Abstract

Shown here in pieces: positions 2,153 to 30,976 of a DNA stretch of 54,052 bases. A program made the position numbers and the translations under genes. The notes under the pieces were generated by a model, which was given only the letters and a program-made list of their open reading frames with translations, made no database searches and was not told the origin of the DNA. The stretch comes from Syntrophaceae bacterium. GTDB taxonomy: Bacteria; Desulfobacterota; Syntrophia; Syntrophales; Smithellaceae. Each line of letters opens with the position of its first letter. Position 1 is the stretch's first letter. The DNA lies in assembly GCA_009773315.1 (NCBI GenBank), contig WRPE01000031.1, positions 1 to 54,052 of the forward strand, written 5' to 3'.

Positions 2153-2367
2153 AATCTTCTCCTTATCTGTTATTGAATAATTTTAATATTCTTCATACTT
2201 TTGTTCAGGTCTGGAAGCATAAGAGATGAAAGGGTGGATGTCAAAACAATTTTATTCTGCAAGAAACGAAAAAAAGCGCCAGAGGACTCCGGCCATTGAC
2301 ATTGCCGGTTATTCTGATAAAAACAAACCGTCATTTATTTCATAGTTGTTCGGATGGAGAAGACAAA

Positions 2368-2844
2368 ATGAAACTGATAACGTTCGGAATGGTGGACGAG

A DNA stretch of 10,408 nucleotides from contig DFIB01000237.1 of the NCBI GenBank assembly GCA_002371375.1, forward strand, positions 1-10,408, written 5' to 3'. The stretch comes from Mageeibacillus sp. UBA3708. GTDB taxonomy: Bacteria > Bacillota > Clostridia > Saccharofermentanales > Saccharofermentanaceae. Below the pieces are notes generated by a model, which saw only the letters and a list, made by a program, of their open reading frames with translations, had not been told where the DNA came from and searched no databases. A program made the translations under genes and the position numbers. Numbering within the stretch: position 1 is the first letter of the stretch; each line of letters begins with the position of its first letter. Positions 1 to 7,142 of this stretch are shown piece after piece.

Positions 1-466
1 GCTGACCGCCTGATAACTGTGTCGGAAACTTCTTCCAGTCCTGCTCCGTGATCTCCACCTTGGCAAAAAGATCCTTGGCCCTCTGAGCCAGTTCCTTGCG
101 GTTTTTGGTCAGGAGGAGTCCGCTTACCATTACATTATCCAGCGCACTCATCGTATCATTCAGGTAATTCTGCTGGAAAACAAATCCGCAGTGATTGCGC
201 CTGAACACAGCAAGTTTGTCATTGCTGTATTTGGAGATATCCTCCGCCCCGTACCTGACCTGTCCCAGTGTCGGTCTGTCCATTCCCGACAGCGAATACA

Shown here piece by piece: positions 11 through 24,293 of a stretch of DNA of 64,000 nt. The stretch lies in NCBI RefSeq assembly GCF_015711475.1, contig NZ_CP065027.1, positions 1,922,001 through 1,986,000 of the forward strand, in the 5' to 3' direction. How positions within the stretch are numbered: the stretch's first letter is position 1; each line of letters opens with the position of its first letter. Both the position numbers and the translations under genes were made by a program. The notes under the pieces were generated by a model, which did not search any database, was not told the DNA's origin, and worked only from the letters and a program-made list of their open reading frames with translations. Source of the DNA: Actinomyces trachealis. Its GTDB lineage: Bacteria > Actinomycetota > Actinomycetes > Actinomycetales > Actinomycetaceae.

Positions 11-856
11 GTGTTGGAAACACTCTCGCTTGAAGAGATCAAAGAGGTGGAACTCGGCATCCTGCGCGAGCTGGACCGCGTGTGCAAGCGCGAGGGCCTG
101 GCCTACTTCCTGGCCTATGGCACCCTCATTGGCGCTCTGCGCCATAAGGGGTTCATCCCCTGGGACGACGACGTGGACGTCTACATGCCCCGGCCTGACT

An esterase gene from the mosquito Culex quinquefasciatus that is responsible for resistance to a variety of organophosphorus (OP) insecticides was cloned in lambda gt11 phage. This gene was used to investigate the genetic mechanism of the high production of the esterase B1 it encodes in OP-resistant Culex quinquefasciatus Say (Tem-R strain) from California. Adults of the Tem-R strain were found to possess at least 250 times more copies of the gene than adults of a susceptible strain (S-Lab). The finding that selection by pesticides may result in the amplification of genes encoding detoxifying enzymes in whole, normally developed, reproducing insects emphasizes the biological importance of this mechanism and opens new areas of investigation in pesticide resistance management.

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